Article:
Explosive revelations into the belly of the ANC, captured ministers who relinquished their authority to private citizens, and a dramatic request for a recusal, made for a hectic week at the commission of inquiry into state capture.

The week started slowly as former National Treasury spokesperson Phumza Macanda testified. She, like former department colleagues before her, told the commission of an arrogant, overbearing Mohamed Bobat, who joined the department briefly in December 2015 as advisor to the new finance minister Des van Rooyen. Bobat wanted to dominate every aspect of Treasury’s operations, often crossing the line of authority, according to Macanda. For the two days that he and Van Rooyen were in the department, before the minister’s removal by former president Jacob Zuma, the advisor created a hostile environment for staff. Macanda is now with Absa Group.

Then came the turn of Mzwanele Manyi, the former head of government communications and information system (GCIS), who appeared after a subpoena by the commission. Manyi was thought to have interfered with the testimony of his successor, acting GCIS CEO Phumla Williams back in August, when he sent her a text message while she was still under oath. The message referred to an error he said she had made in her testimony regarding timelines of events at the communications agency. He was summoned to explain himself, as well as respond to key matters mentioned by Williams in her testimony. Williams has accused Manyi of making irregular decisions during his tenure, favouring the Gupta-owned New Age newspaper for government advertising that was overseen by GCIS.

Manyi defended his actions regarding the text message and his managerial style at the time, saying he in fact brought order and accountability measures to the agency where none had been before. His only reason for sending the message to Williams, he said, was to correct one point of inaccuracy in her account of events. The rest of his testimony, led by the commission’s advocate Vincent Maleka, was used to dispel what Manyi said were conclusions by Williams and the media that thanks to him, the New Age enjoyed an advantage other publications.

By the start of the second day of his testimony, it was clear that Manyi and Maleka were at loggerheads. Manyi took exception to what he said was a prosecutor’s approach by Maleka, and requested the chairperson, Deputy Chief Justice Raymond Zondo, to ask Maleka to recuse himself from leading Manyi’s evidence. Zondo presented options for the way forward, saying Manyi could either submit an application with reasons, on which Zondo would rule, or Maleka could offer to hand over the process to another lawyer, for practical reasons. A brief adjournment followed while the options were explored, only for Manyi to return with a change of mind. He said he wanted to continue testifying, if only Maleka would refrain from his aggressive tone. Manyi’s testimony proceeded after Zondo cautioned Maleka.

Mining minister Gwede Mantashe followed straight after Manyi, with a carefully crafted response made in his capacity as national chairperson of the ANC, to the testimony of banks that had closed the Gupta family’s business accounts. Mantashe acknowledged the banks’ accounts of events, including meetings held at ANC headquarters Luthuli House in 2016, but denied that these were a bullying tactic. The ANC, in fact, was asked by Gupta-owned Oakbay Investments through CEO Nazeem Howa to enquire from the banks why they took the action that they did.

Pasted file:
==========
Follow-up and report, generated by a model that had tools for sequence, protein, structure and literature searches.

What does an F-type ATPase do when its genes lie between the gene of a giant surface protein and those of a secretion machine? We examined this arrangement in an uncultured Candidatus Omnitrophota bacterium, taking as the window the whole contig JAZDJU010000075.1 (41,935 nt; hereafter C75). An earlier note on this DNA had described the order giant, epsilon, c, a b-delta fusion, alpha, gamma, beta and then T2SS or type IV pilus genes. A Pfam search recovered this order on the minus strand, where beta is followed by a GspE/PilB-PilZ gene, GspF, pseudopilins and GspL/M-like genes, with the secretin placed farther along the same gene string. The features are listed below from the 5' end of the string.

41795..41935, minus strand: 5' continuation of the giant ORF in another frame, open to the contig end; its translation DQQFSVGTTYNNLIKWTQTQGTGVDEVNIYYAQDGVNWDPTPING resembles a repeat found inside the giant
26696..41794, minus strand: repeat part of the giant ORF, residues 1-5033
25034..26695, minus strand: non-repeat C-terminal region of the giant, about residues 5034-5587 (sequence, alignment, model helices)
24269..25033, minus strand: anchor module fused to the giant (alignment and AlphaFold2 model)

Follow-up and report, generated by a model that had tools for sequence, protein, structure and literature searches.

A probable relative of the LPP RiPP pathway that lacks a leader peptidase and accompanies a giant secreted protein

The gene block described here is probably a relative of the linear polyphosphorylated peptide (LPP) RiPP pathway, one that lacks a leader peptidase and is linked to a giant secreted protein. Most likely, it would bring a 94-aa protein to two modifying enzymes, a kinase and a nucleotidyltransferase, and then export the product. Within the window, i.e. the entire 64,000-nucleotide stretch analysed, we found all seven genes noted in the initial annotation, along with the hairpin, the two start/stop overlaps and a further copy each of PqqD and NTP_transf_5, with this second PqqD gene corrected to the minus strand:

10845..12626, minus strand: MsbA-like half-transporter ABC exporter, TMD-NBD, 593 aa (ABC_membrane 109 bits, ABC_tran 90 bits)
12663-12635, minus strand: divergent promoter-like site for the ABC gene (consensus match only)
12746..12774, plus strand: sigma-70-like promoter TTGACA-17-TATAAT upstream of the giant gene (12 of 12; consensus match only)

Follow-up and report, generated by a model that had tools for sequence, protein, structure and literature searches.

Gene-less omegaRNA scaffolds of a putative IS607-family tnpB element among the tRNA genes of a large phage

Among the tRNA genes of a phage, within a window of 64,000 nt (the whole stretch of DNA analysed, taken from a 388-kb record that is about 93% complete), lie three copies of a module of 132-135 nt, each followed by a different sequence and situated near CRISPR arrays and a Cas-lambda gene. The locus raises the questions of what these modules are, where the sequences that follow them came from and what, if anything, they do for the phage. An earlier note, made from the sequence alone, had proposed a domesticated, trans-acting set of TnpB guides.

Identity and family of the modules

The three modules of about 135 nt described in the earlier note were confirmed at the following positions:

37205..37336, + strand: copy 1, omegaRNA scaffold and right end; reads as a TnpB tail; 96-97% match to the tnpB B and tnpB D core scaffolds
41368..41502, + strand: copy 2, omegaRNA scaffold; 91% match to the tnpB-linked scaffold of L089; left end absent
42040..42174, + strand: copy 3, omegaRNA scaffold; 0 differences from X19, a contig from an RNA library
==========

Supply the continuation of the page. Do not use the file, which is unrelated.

The party’s approach to the matter, he said, was inspired by the plea to help save over 7 000 jobs that would be affected by the closures. Their mandate, carefully thought out within the party’s internal structures, was to understand the environment within which the financial institutions made the decisions. When they were told by the banks that industry regulations and ethical practice meant that they could not discuss private client details with a third party, the ANC’s top six delegation produced a report that they forwarded to Cabinet to handle the matter. Answering leading questions from Zondo, Mantashe was careful not to divulge too much over the decision-making processes relating to how the party handled matters involving the Guptas.

The very next day, however, party veteran and former minister of public service and administration Ngoako Ramatlhodi dropped bombshell after bombshell, frankly naming and shaming participants of state capture. According to him, Zuma’s relentless defence of his friendship with the Guptas was a big point of contention within the NEC. Whenever the subject came up in meetings of the party’s leadership, Zuma would tell NEC members that because the family helped his family out when no one else would, he was indebted to them.

Ramatlhodi’s former advisor Sam Moufhe also told of incidents that raised eyebrows. While he and Ramatlhodi were in the department of mineral resources, then Eskom chairperson Ben Ngubane and CEO Brian Molefe tried to bully the two of them into interfering in a mining deal between Gupta-linked company Tegeta and Glencore. Their failure to do this, he believes, was one of the factors that led to Ramatlhodi being moved to the public service department, and replaced by Mosebenzi Zwane, who is regarded as being close to the Guptas.

Closing off the week, another ANC veteran Cheryl Carolus also told of the policy deviations by then minister of public enterprises Malusi Gigaba in the affairs of South African Airways, of which she was chairperson from 2009 to 2012. Carolus claimed that Gigaba relinquished authority to India-based Jet Airways, which wanted to take over the lucrative Johannesburg–Mumbai flight route, despite resistance from the airline’s leadership.

In sharing her insight into the leadership struggle within her party over the last several years, Carolus said she looks forward to the changes that will come to the party after the departure of Zuma.